BMW i4 vs Tesla Model 3 vs Polestar 2: interior and infotainment

While each infotainment setup here has its own merits and drawbacks, the BMW’s impeachable build quality put it well ahead of the pack

BMW i4

The i4’s cabin boasts the same flawless build quality you’d expect from BMW that neither the Polestar or the Tesla can hold a candle to. You also get a great driving position that just feels right. Where things differ from the closely related 3 and 4 Series is the technology on board.

BMW’s electric sports saloon gets the same dual-screen setup as its flagship iX luxury SUV, incorporating 12.3-inch digital instruments and a 14.9-inch touchscreen into one seamless, gently curving display. It looks stunning, and unlike its rivals here, manages to strike a usable balance between contemporary touchscreen functions and the iDrive rotary dial and shortcut buttons. These are so intuitive that they barely need a second glance to use. The screens look fantastic and the graphics are clear – although some drivers who are used to BMW’s simple analogue dials might think the semi-hexagonal speedometer design is a little fussy.

If you’re a fan of Apple CarPlay or Android Auto, apps are fully integrated into the main touchscreen, and they both look and function brilliantly as a result. The icons on the main menu are a little small, but otherwise the on-screen keys are well thought-out. The climate controls on the central touchscreen are painless to use, but we’re always going to prefer physical buttons.

Polestar 2

Polestar has close ties with Volvo, and that’s especially clear when you plonk yourself in the driver’s seat. Inside, the smart steering wheel, chunky door handles and excellent seats are all very Volvo. The cabin design toes the line between being understated and minimalist without looking too bare. While the overall feel doesn’t quite match the BMW’s for finish, it feels more sturdy than the Tesla’s interior. The driving position is also slightly raised compared to the i4’s, closer to that of an SUV perhaps, so it’s less sporty, but that isn’t necessarily a criticism.

Polestar went a different route with its in-car technology, having Google create the operating system. Behind the steering wheel is a 12.3-inch digital driver’s display with crystal-clear graphics and a fullscreen map function that means you only need to look at the screen in front of you.

However, the 11.5-inch central touchscreen is still excellent. It’s split into four quarters, showing Google Maps, Google Search, phone and media controls. The system loads quickly and brings up postcode searches or other specific points of interest with ease, plus it can adapt a chosen route based on real-time traffic changes. Access to other functions such as drive settings and external cameras is through shortcuts at the top of the screen, while climate controls can be adjusted at the bottom. Overall, it mostly works smoothly and easily, but in this company, the display is relatively small. The 11.5-inch unit may be a decent size compared with many other cars on the market, but here it means some keys are smaller than they would be on the BMW’s and Tesla’s larger displays, making the Polestar slightly fiddlier to use.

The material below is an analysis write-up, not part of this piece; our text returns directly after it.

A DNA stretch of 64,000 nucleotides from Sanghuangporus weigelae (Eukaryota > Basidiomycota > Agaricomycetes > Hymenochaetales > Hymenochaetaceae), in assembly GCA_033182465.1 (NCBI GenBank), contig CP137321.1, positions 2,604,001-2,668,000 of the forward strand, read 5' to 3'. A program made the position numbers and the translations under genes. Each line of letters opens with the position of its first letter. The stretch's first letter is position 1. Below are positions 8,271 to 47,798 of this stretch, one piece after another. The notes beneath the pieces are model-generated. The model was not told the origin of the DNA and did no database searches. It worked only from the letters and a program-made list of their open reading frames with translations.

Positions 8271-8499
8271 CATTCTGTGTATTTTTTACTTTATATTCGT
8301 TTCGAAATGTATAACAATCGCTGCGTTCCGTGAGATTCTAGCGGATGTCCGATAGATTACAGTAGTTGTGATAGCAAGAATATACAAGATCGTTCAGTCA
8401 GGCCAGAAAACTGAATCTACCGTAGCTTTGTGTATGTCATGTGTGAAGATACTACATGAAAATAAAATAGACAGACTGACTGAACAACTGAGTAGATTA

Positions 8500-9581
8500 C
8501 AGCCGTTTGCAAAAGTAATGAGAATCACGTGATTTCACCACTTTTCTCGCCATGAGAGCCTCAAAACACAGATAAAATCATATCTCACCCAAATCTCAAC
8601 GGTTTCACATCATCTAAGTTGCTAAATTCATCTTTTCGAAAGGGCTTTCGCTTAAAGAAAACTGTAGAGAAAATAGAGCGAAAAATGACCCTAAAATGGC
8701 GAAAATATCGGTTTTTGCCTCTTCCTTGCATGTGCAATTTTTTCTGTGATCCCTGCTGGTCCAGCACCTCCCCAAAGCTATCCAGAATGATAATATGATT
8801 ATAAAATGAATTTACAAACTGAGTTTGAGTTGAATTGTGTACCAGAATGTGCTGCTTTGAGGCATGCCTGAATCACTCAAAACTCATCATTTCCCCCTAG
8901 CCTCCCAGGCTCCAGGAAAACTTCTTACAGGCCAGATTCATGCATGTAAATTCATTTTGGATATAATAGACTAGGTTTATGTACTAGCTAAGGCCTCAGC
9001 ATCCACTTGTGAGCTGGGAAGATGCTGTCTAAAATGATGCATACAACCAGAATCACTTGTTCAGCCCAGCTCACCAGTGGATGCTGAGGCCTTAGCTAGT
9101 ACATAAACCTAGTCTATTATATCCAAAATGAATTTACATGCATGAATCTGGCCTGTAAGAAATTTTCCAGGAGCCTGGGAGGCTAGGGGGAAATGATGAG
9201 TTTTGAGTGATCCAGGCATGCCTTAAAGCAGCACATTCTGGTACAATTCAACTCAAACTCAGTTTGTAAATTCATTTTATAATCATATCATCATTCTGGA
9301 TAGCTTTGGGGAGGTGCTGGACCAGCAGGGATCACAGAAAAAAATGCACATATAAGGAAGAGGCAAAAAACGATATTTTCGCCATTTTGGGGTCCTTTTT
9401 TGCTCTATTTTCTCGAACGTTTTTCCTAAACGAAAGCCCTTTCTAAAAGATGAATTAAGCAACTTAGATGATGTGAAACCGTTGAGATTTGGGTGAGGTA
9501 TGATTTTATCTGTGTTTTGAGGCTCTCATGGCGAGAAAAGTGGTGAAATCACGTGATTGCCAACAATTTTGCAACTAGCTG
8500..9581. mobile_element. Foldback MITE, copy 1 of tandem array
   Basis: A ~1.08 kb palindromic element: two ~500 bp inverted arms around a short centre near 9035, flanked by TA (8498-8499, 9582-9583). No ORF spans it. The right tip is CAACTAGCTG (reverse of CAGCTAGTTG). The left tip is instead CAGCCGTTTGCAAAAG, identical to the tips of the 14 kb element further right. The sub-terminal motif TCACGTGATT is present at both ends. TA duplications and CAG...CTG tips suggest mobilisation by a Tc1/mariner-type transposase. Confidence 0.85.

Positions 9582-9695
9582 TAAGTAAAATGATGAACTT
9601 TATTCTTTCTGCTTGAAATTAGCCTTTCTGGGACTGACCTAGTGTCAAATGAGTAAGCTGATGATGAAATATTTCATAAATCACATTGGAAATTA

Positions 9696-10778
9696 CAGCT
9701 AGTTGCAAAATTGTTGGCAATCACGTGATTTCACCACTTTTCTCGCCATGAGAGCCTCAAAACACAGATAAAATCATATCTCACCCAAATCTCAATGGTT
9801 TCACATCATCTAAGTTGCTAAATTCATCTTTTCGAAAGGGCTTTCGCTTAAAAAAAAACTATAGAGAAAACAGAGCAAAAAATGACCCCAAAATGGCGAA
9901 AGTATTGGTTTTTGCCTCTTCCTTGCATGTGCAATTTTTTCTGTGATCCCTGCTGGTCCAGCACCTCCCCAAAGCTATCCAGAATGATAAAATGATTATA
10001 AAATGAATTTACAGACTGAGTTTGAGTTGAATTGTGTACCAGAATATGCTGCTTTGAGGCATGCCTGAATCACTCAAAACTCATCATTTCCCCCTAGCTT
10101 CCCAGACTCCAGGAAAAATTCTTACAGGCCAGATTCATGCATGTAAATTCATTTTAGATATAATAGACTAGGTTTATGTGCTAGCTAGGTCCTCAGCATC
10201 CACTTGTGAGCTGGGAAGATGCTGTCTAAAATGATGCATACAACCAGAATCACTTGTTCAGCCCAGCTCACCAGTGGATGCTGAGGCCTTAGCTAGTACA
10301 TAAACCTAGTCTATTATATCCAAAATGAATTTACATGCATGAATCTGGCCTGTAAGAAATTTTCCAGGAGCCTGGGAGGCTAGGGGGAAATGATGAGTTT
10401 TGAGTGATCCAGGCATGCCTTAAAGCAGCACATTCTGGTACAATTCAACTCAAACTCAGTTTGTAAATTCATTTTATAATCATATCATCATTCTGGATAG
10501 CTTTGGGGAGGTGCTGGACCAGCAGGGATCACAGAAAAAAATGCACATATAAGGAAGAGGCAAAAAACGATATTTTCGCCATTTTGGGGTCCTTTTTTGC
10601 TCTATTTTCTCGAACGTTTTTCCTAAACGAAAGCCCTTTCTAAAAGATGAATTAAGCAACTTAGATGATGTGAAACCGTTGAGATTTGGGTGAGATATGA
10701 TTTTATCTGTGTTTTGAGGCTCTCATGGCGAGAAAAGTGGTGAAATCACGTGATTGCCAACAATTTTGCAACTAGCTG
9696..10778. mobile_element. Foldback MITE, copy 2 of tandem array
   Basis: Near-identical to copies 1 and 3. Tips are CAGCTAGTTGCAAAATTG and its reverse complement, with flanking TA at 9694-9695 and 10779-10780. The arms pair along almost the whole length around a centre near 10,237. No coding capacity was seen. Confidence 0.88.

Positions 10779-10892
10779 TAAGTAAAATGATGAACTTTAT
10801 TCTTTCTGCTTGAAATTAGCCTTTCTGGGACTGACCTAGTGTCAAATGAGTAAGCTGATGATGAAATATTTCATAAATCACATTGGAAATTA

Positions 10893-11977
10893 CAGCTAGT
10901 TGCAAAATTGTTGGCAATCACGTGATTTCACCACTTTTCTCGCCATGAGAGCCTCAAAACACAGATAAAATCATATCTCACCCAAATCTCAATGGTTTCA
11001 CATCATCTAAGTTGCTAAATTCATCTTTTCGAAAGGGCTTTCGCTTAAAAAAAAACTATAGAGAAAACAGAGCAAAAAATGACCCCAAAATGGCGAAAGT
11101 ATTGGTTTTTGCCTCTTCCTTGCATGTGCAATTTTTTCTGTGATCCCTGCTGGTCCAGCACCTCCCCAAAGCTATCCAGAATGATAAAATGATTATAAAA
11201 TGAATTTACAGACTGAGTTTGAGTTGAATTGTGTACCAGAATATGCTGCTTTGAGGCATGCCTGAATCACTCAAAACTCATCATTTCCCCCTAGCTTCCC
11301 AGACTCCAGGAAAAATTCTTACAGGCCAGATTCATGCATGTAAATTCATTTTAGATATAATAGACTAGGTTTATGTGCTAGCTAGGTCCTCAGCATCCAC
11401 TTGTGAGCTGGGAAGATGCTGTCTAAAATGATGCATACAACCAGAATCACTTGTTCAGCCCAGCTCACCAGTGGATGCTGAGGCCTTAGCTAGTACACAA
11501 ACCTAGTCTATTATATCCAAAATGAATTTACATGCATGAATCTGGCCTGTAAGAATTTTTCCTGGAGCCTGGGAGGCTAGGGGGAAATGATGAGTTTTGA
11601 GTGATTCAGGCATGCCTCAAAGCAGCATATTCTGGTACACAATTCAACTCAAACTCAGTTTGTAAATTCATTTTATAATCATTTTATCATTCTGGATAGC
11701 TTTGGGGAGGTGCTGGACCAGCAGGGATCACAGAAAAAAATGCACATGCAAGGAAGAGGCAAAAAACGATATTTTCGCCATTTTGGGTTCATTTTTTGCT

Tesla Model 3

But if any of these car’s cabins deserves to be labelled cutting-edge, it’s the Tesla Model 3 and its still somewhat controversial 15-inch touchscreen. The enormous screen has the processing power to match its high-resolution graphics; loading times when plotting a route are rapid, with minimal latency responding to touches, pinches and swipes. The Tesla’s navigation system can also pre-plan a top-up at a Supercharger if there isn’t sufficient energy for a journey, which is particularly handy.

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Roughly a third of the screen is reserved for driving information like your speed and any info from the Tesla’s numerous sensors and cameras around the body. Some will prefer to have a traditional instrument panel right in front of them on a separate screen, but the numbers on the Model 3’s screen are large, so they’re not that hard to spot out of the corner of your eye. What’s perhaps more irritating at times is the near-total lack of physical controls. For example, the glovebox can only be opened via the touchscreen or voice commands, and there aren’t any physical controls for the heated rear seats – those in the back have to ask someone up front to adjust them through the display.

Tesla has thankfully ditched the fingerprint-prone, piano-black surfaces found in early Model 3s for matte-black materials, but overall the feel of the interior is the same. The delightfully soft and squidgy seats still feature, and you do get plenty of cabin space, making this the best car here for seating five. Build quality has also improved considerably compared to Teslas from a few years ago, but still falls short of the immaculate finish of the BMW.

Richard is editor of DrivingElectric, as well as sister site, and a regular contributor to Auto Express. An electric and hybrid car advocate, he spent more than five years working on the news and reviews desk at Auto Express and has driven almost every new car currently on sale.

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